1.)Teacher will introduce the lesson by telling a brief story about a little known African-American scientist. The teacher may want to do a retelling or read it from a hard copy or a website using the computer projector. Time should be spent discussing the importance of scientific discovery and invention to everyday life and society.
2.)After a class discussion about famous African-American scientists and inventors, take the students to the computer lab to research one of interest. The teacher should provide an information sheet for each student to fill in the information they find(see attachment). This step should be done in one trip to the computer lab unless the students need an introduction to the Internet.
(The Faces of Science:
)This website explores a great number of African American scientists and inventors. It divides them by specialty as well as notes gender.
3.)Students will meet back in the classroom and share their findings with the class through class discussion and a question/answer session.
4.)The teacher will explain about plagiarism and review the elements of good writing. The students will then take the information collected and write a quality paragraph about the one inventor/scientist they researched.
5.)Each student will be compile a list of five African-American inventors or scientists about which to make a slide show scrapbook for presentation to the class. The students must have access to library resources including biographies or other books and may research Internet websites. The teacher may allow library or computer lab time for this component, or provide a weekend and assign this portion as homework. Help should be made available before and/or after school. Preferably, students should not choose the same inventors or common ones such as George Washington Carver to present. (Class sizes and total number of students may require some duplicates.)
6.)After the teacher has approved each student's list, students are given a handout of the requirements for the assignment (see criteria attachment).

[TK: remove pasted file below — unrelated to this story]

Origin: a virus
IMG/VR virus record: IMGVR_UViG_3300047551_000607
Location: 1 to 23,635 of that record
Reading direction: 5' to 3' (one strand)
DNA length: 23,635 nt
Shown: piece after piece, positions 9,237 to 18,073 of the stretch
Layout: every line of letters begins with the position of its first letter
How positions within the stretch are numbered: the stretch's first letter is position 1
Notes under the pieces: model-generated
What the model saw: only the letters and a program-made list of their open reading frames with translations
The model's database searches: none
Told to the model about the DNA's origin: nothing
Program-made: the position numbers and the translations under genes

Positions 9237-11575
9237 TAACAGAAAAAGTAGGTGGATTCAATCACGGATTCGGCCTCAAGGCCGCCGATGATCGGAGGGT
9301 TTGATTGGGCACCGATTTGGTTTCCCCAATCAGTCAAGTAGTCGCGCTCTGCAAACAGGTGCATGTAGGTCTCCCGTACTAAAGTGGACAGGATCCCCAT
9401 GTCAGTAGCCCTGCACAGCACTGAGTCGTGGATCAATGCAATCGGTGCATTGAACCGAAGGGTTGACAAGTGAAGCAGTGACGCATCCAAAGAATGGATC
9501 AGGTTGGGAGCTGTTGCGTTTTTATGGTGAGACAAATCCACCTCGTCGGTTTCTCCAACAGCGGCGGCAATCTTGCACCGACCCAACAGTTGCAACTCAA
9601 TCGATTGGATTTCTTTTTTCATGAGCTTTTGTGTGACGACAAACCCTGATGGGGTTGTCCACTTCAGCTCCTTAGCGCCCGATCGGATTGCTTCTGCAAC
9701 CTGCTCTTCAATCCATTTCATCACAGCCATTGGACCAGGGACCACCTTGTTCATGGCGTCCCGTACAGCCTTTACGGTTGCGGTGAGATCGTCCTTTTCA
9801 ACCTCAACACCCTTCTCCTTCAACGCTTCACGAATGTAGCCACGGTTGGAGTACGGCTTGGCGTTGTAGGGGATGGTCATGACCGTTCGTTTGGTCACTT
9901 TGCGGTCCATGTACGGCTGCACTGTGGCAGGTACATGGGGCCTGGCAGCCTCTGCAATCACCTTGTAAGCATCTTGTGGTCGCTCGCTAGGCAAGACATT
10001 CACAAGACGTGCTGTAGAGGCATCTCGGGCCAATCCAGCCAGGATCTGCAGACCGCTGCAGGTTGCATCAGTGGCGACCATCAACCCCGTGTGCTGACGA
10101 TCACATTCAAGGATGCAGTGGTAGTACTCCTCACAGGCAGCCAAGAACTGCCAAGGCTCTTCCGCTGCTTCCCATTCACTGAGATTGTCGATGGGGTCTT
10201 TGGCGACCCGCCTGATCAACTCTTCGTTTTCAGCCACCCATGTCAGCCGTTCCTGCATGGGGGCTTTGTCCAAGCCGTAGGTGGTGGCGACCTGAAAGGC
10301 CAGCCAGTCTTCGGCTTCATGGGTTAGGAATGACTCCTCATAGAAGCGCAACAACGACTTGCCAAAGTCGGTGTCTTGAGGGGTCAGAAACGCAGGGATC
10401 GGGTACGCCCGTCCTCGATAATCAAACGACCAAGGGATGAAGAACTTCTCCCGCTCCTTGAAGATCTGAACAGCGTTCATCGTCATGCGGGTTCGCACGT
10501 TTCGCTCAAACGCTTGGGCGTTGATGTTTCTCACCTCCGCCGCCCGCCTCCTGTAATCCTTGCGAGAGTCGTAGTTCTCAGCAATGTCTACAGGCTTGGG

7.)Typically, one class period is dedicated to discussing presentation techniques and showing sample presentations from previous years to the students. The teacher should have the classroom ready for the presentations by having all equipment properly connected and tested prior to the students' arrival. By using a projection device, the class can see the slideshow as it appears on the computer screen (see attachment for sample slide show).
8.)Students will fill in the slideshow storyboard to determine how their presentation will look. By completing a storyboard, the teacher can make suggestions and answer questions prior to the student going to the computer lab. Allow students to share their storyboards with peers for feedback and constructive criticism (see attached storyboard).
9.)The lesson culminates with the student presentations. Students are graded using the attached rubric. Allow peers to use rubrics to score student presentations.
10.)Following is a link to an extension activity on related topics that allows further practice with the Internet or other multimedia.
(Treasures of African-American History
)An Internet search activity for students while studying African-American history.
11.)Due to high interest in inventions, the teacher may sometimes want to add an activity involving the preparation of invention brochures. In this assignment each student selects one invention and explains how it works. This reinforces informational writing and practice with word processing software. Design and layout of a brochure can also be taught or reviewed with the use of this extension exercise. I have included a sample rubric in the attachments section to illustrate what to look for when assigning the optional brochure.